Are You A Consumer, Contributor, or a Creator?
During a seminar on human relationships I attended, the speaker pointed out that there were four different types of relationships, committed, codependent, casual and the most destructive, a consumer-based relationship.
That’s where one party consumes the attention, service or provisions of the other with little to nothing in return.
These types of behaviors have a similar trend in social media. There seems to be three types of people online – those that consume, those that contribute, and those that create. Creators make content to enjoy online. Contributors might do so here and there, but typically respond in comments to what’s made. Consumers just look, like, and scroll, leaving no value behind, just gobbling up and moving on.
As leaders, perhaps we should be mindful of what type of leadership each of us possess? Are we Consumers, driven by our impulses? Or Contributors with reliable produce? Or Creators that inspire, give vision and make things happen?
That’s where a leader is in it for themselves. Power. Pride. Proving they’re the best, the smartest in the room, the most deserving. They consume others by tearing them down to elevate themselves. They create disruption then come in to save the day. They consume all the training and leave their people to learn on their own accord. Consumer leadership thrives on “need to know,” holding all the information for them to use over others. This type of leadership eventually loses talent that seeks support somewhere else.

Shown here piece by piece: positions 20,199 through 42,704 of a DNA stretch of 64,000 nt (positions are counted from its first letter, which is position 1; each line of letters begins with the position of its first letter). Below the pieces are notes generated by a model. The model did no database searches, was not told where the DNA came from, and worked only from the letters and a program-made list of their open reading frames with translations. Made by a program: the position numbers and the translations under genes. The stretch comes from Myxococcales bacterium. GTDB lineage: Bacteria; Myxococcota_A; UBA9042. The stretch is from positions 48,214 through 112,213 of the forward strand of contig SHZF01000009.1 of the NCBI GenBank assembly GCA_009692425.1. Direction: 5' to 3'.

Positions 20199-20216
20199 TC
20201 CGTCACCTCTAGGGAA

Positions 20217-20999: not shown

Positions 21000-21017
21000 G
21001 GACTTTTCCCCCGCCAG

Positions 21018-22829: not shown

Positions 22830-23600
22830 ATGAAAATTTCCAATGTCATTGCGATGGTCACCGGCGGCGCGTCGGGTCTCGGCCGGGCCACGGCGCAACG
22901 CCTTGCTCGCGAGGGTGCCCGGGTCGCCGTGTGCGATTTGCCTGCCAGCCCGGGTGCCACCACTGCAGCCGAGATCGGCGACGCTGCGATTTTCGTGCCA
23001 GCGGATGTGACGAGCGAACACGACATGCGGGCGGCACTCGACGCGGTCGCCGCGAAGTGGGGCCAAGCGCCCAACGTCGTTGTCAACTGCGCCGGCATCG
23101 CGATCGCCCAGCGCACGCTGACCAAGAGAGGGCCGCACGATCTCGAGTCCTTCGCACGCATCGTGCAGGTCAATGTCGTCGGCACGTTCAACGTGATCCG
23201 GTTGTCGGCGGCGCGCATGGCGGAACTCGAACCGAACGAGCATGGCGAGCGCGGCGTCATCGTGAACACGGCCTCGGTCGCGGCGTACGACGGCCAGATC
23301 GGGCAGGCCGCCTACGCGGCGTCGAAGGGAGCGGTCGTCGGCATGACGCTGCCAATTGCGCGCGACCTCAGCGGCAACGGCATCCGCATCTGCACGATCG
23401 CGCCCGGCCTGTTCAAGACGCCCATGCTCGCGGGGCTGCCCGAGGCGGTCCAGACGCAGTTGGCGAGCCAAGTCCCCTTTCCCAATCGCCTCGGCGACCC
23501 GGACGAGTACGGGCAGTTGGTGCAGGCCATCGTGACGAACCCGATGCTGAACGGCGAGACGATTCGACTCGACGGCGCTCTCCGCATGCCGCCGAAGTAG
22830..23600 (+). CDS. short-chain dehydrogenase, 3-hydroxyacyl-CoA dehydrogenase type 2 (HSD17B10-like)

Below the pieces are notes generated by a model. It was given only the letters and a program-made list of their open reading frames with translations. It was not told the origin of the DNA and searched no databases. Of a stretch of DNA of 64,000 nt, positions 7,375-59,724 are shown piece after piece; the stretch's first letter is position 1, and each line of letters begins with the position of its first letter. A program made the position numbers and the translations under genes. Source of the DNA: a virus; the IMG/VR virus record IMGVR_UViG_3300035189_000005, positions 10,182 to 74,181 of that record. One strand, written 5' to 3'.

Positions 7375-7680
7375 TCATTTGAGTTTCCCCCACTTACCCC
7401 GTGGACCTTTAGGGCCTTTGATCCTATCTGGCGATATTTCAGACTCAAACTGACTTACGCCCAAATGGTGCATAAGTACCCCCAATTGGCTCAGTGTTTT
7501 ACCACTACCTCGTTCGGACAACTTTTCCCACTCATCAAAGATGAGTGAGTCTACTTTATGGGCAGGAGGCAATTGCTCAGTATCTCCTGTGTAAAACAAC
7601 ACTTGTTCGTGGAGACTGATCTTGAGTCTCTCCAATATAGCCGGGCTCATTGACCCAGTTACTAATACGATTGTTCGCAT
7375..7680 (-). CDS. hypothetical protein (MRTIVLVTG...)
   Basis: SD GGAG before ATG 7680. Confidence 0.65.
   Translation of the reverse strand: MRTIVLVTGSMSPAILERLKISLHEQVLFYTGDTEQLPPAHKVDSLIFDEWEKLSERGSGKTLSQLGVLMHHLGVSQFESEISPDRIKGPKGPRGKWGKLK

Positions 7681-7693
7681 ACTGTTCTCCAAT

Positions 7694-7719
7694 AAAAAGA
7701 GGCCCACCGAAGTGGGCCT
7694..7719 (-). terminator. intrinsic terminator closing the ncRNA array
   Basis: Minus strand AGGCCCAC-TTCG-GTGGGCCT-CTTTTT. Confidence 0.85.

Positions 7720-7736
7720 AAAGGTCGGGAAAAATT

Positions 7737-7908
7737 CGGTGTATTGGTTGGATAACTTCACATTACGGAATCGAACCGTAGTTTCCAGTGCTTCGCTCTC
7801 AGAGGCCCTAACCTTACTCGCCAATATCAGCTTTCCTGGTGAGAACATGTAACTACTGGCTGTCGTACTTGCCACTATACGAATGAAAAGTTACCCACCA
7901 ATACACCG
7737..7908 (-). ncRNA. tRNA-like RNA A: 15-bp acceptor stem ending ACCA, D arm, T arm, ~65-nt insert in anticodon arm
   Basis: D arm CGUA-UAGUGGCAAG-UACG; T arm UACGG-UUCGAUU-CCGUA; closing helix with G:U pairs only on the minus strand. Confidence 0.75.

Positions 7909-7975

This is the manager who does their job faithfully day in and out. They may come up with a good idea or take on a project here or there. They are valuable and give some input to the organization. But they don’t drive for improvement, disruption or innovation. Contributors prefer the status quo and not making waves that call attention to themselves. They like the position, but don’t make others better around them by giving and serving in their role.
These leaders develop on all levels. They create leaders, vision and innovation. They develop their people and create high performing teams by giving resources needed for training. They make opportunity for others by giving others a platform to showcase their talents. Creator leaders take a vision and expand it, getting people to jump aboard and run with it. They create a culture that allows their people to thrive and perpetuate it organically, without prodding. They would rather others get first in line while they “eat last,” to ensure their people grow and develop.
A team full of consumers will soon drain everything from an organization – morale, resources and momentum. But creator leaders give and pour more into the team than they take. They seek out the resources for others to likewise create or contribute to.
Change your thinking on how your leadership manifests. Be a creator and only consume what is absolutely necessary.